11 questions for Windows users

It’s time for my survey of Windows users: I want to get an idea of how you use Windows, what you think of Windows 11, and what other options you use or may be considering.


I want to get a feel for what you think about the current state of Windows — as well as its future — so it’s time for my very unscientific SurveyMonkey poll. (This survey is generally aimed at individual users; I’ll do a second one for IT pros in a few weeks and report back on the results.) No matter what type of computer user you are, I’d like your feedback based on your computing needs.

Note: I’m focused here on views on the desktop operating system (not Microsoft’s Office suite). The survey comprises 11 questions; I’ll detail them (and some of my thinking) here.

What OS do you use daily that you consider your primary computing system?

For this question, I want to start by asking what you use as your day-to-day operating system. I’m still firmly in the Windows camp, but I’m interested in whether any of you have moved to other platforms.

How satisfied are you with Windows?

On a scale of 1 to 5, 5 being the highest, how happy are you with the quality of Windows 10 in general?   

How satisfied are you with the Windows updating process?

Microsoft has been making changes in how it updates systems. Windows 11 will bring more change and no longer rely on a twice-a-year feature-updating process. When I’ve asked about Windows updating in the past, many of you recommended moving to a once-a-year model. So are you happy about the Windows 11 change?

Do feature updates help you?

I’ve found that when I have a machine that starts to misbehave when installing updates, a feature release will often fix the problem. While I’ve not recently had as many issues lately, the reality is that feature releases are disruptive. The last two releases — 20H2 and 21H1 — have been faster to install than was 2004 because they were minor. But feature releases still remind me to review my systems, make sure I have enough hard drive space, and check that drivers are up to date, especially video drivers. To be fair to Microsoft, the updating process has become more predictable.

Generally, does Windows 10 meet your daily needs for computing?

Personally, I still live in a Windows world. Even at home, where I have Windows computers, an Apple iMac, and a Chromebook, Windows is still like that comfortable pair of flannel pajamas I wear. Some of this comfort comes from years of using Windows, some of it comes from the fact that I’m less familiar with various settings on other platforms.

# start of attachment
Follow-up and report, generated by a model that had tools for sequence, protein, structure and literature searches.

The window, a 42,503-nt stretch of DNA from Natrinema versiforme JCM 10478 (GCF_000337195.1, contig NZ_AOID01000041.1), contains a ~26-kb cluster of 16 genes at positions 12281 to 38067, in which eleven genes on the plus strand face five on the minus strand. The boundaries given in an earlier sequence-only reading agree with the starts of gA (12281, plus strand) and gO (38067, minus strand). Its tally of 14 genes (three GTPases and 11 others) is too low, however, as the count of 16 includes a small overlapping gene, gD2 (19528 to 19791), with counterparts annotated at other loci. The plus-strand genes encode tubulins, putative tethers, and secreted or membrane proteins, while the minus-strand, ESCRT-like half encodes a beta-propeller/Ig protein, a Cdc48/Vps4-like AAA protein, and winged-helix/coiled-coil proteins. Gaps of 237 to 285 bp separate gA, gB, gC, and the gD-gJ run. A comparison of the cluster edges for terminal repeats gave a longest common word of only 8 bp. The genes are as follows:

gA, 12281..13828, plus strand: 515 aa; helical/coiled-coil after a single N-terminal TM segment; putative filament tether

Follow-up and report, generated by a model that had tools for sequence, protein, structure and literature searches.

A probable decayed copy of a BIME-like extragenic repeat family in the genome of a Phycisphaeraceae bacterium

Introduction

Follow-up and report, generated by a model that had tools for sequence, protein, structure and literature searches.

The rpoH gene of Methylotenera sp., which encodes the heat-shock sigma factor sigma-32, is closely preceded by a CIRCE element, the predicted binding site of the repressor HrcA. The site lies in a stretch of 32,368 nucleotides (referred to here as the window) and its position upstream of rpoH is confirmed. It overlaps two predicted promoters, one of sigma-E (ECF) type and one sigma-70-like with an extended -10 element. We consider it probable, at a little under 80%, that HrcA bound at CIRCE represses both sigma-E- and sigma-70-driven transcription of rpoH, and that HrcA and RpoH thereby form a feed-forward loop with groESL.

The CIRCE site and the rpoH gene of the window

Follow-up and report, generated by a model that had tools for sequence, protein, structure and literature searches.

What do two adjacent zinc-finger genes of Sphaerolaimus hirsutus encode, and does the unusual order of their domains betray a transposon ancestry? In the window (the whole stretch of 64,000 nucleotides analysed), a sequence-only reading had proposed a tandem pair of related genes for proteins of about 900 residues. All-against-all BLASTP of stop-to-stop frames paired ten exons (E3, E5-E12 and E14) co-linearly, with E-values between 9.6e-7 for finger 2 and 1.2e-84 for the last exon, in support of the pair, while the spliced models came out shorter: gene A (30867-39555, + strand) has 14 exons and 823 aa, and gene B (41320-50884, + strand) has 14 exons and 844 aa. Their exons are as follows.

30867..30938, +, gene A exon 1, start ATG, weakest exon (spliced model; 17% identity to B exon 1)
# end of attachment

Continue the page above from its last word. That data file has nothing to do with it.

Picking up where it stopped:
Have you heard about Windows 11, Microsoft’s next operating system?

Unless you’ve been living under a rock, you know Windows 11 has been in the news lately. I want to know if you are excited about it? From rounded corners to a middle menu to more security, Windows 11 has become a bit of a polarizing operating system. With potentially higher hardware requirements, it will mean, for many of us, buying new hardware to update to Windows 11.

Are you excited about the release of Windows 11?

This is cut and dry. Yes or no.

Do you plan to upgrade to Windows 11 when it’s released?

Even if the hardware requirements for Windows 11 remain unchanged, I only have one computer — a Microsoft Surface Pro 7 Plus — that will support it. I’m hoping to gauge whether users in a similar situation might hold off updating.

What are your future computing plans?

Are you thinking of moving away from Windows after your current computer needs to be replaced?  And if you are thinking of moving away, what are you planning to move to?

I’ve seen many users no longer need a full-blown Windows computer for their daily needs. At home, my sister and dad use iPads for their normal computer uses. They can search for information, answer emails and use the iPad to take photos — a task you couldn’t do on a Windows computer. With more applications going to online cloud versions, the need for Windows keeps getting chipped away by competing platforms. It all comes down to your needs. Often a platform that can send and receive emails, do photos, and watch videos is enough. I’m also seeing more routers and modems that can be  set up and managed from mobile devices, making Windows less critical.

What could Windows 10 and Windows 11 respectively do better?

I’ve left these final two questions open ended so you can answer however you like. Would they be better with more security or with less? Would they be better with a different way of installing software?  Even if you don’t plan to migrate to Windows 11, I’d like to know what would make it a better platform.

I plan to leave the survey open for a few weeks so users have time to think about their responses

Copyright © 2021 IDG Communications, Inc.

Bing’s AI chatbot came to work for me. I had to fire it.
Shop Tech Products at Amazon